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What test takers can learn from athletes about a 24% GPA boost and 13% increase in confidence
November 21, 2018
“the GPA of [the] “brain training group” had increased by 24%… [and] a 13% increase in self reported confidence”
Still, one brain workout has been largely ignored until recently…
Thousands of cutting edge scientific studies are finding the value of mindfulness-based brain training exercises for academic achievement. Just as an athlete works on cardio to improve endurance, a student should use a mindfulness-based practice to build up attention span. When an athlete lifts weights to get stronger, a student might use mindfulness to strengthen memory. The parallels between physical fitness and brain fitness are endless.
Mindfulness powered brain training literally increases the density of “grey matter” in our brain.
If your team’s coach thought you needed to strengthen your biceps, you would do concentration curls. On the flip side, if you had a hard time focusing on tests, your tutor should recommend the appropriate brain training exercises.
So what is an easy way to get started with some “brain pull-ups”? Below is an easy ten step guide to begin practicing. If you have specific questions set up a meeting with a Granite Prep educator to discuss your goals and needs.
Find a comfortable seat and sit upright
Close your eyes
Take a couple deep breaths
Notice any sounds or scents in the room
Notice the ground beneath your feet
Notice what your breath is doing (don’t change it – just notice)
Once you reach a count of 6 start back at 1
If you notice your mind wanders just bring it back to whatever number you last remember being on. No need to feel frustrated with yourself, simply bring your attention back to your breath; you are building the “focus muscle” of your brain.
Every time you get distracted and focus back on your breath you have done a “brain pull-up”
After 10 mins is complete open your eyes and go about your day!
Source: “Students with Test Anxiety Score 8-Points Higher (out of 100) After 3 Week Mindfulness Course”
…after the training, however, the GPA of the “brain training group” had increased by 24% for the semester whereas the “no brain training group” didn’t see any change in GPA.
GPAs of the students were recorded and then compared to GPAs at ten weeks later. Before the training, the two groups had very similar GPA’s, after the training, however, the GPA of the “brain training group” had increased by 24% for the semester whereas the “no brain training group” didn’t see any change in GPA. The students who received the mindfulness training also saw an increase in academic confidence. These students enjoyed a 13% increase in self reported confidence. Once again, the group who did not receive any brain training did not see any change in confidence. The results from the study are shown in the table below (to read the full study click here).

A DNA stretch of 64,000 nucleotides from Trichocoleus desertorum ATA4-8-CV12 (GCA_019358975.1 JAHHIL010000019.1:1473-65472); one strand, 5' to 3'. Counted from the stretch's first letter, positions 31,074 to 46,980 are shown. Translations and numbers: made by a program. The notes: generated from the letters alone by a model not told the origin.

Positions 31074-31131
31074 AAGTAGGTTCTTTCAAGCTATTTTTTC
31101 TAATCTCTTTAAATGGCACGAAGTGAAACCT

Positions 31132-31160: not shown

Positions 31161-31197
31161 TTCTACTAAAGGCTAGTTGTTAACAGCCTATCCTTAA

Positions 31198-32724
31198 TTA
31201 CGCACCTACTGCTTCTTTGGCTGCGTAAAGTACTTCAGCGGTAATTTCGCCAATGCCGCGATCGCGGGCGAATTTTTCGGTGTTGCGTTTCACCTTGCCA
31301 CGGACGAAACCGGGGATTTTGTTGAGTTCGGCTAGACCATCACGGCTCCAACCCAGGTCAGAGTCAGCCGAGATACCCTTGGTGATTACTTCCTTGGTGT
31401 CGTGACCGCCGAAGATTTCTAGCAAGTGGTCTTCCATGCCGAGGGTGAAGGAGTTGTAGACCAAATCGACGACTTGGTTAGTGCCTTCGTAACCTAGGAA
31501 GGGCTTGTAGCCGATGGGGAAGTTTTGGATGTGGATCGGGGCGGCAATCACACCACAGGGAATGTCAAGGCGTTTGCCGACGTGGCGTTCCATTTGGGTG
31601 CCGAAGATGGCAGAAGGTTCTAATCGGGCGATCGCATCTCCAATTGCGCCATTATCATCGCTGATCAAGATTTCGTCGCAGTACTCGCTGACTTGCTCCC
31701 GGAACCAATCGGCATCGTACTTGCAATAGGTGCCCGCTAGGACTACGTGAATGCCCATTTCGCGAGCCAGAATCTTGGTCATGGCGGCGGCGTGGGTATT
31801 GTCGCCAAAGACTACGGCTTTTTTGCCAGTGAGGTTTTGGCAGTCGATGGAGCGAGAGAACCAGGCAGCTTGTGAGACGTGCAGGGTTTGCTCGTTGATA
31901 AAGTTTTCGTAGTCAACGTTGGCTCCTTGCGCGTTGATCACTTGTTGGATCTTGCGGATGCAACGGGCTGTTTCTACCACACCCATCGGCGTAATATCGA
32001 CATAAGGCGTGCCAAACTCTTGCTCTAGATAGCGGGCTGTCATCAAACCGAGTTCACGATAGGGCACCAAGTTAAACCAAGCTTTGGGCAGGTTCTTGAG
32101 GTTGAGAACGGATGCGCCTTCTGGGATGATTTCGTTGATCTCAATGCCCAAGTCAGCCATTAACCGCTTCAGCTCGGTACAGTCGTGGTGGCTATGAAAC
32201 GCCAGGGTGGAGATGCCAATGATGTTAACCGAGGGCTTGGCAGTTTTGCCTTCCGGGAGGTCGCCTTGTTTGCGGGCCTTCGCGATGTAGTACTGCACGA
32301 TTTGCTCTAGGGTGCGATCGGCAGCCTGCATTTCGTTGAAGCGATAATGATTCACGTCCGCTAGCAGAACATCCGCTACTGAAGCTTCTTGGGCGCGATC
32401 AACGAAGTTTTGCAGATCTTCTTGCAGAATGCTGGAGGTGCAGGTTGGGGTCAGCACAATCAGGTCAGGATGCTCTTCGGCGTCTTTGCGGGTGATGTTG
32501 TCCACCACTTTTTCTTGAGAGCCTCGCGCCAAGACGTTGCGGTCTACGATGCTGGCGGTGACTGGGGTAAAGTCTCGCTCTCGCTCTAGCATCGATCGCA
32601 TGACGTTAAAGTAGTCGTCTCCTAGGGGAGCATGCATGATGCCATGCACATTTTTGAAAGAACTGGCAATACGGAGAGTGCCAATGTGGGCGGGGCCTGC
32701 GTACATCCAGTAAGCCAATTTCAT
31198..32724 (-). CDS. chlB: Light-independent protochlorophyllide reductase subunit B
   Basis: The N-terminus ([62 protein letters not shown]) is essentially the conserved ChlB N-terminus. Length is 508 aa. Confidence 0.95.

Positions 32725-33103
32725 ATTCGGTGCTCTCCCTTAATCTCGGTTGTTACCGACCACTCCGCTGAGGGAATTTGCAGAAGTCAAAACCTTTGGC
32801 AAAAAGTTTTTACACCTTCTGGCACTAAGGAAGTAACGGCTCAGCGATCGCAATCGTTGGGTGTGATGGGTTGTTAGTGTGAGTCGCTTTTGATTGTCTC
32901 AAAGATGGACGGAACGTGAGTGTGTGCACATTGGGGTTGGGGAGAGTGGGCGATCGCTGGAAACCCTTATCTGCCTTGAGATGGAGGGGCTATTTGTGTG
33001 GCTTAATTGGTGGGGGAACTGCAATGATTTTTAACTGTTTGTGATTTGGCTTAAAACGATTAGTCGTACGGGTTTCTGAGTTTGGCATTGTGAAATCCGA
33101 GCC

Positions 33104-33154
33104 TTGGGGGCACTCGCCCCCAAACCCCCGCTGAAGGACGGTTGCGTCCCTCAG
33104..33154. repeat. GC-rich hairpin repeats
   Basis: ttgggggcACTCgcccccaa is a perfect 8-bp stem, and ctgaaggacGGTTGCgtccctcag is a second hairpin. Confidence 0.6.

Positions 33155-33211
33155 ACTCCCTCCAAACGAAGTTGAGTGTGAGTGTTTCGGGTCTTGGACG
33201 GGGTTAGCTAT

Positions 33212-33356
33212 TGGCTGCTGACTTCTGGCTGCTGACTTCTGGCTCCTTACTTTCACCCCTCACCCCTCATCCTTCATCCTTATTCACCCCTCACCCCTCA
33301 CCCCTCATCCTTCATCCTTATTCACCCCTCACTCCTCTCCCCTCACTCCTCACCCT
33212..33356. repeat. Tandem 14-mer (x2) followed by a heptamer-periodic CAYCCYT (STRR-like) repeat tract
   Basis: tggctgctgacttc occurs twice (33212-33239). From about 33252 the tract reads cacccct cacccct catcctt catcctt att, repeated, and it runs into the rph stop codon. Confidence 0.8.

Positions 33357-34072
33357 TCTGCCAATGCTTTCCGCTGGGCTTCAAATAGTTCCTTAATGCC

Just like with any exercise, you won’t start noticing the results right away. Just like it takes time to build muscle, it takes time to build our brain.
At Granite Prep we feel it is critical to maintain the highest integrity with our statistics, so we publish t-statistics and confidence intervals for all our figures. The t-statistic for the difference in academic achievement between our groups’ pretreatment was 0.846 (not statistically significant ). This is a good indication that the groups were infact randomly assigned. The pretreatment difference in confidence was 0.858 (not statistically significant), again speaking to the randomly assigned nature of the groups. The t-statistic of the difference between treatment and control groups after the ten weeks was: 3.62 (p<0.001) and 4.86 (p<0.001) for GPA and confidence respectively.
If you don’t know what these numbers mean, but you are interested check out this great course on research statistics!
Grantly Neely is a certified KORU mindfulness teacher, founder of Granite Test Prep and Nashville native. For more about Grantly and his amazing team of educators CLICK HERE
Franco C., Mañas I., Cangas A.J., Gallego J. (2010) The Applications of Mindfulness with Students of Secondary School: Results on the Academic Performance, Self-concept and Anxiety. In: Lytras M.D., Ordonez De Pablos P., Ziderman A., Roulstone A., Maurer H., Imber J.B. (eds) Knowledge Management, Information Systems, E-Learning, and Sustainability Research. WSKS 2010. Communications in Computer and Information Science, vol 111. Springer, Berlin, Heidelberg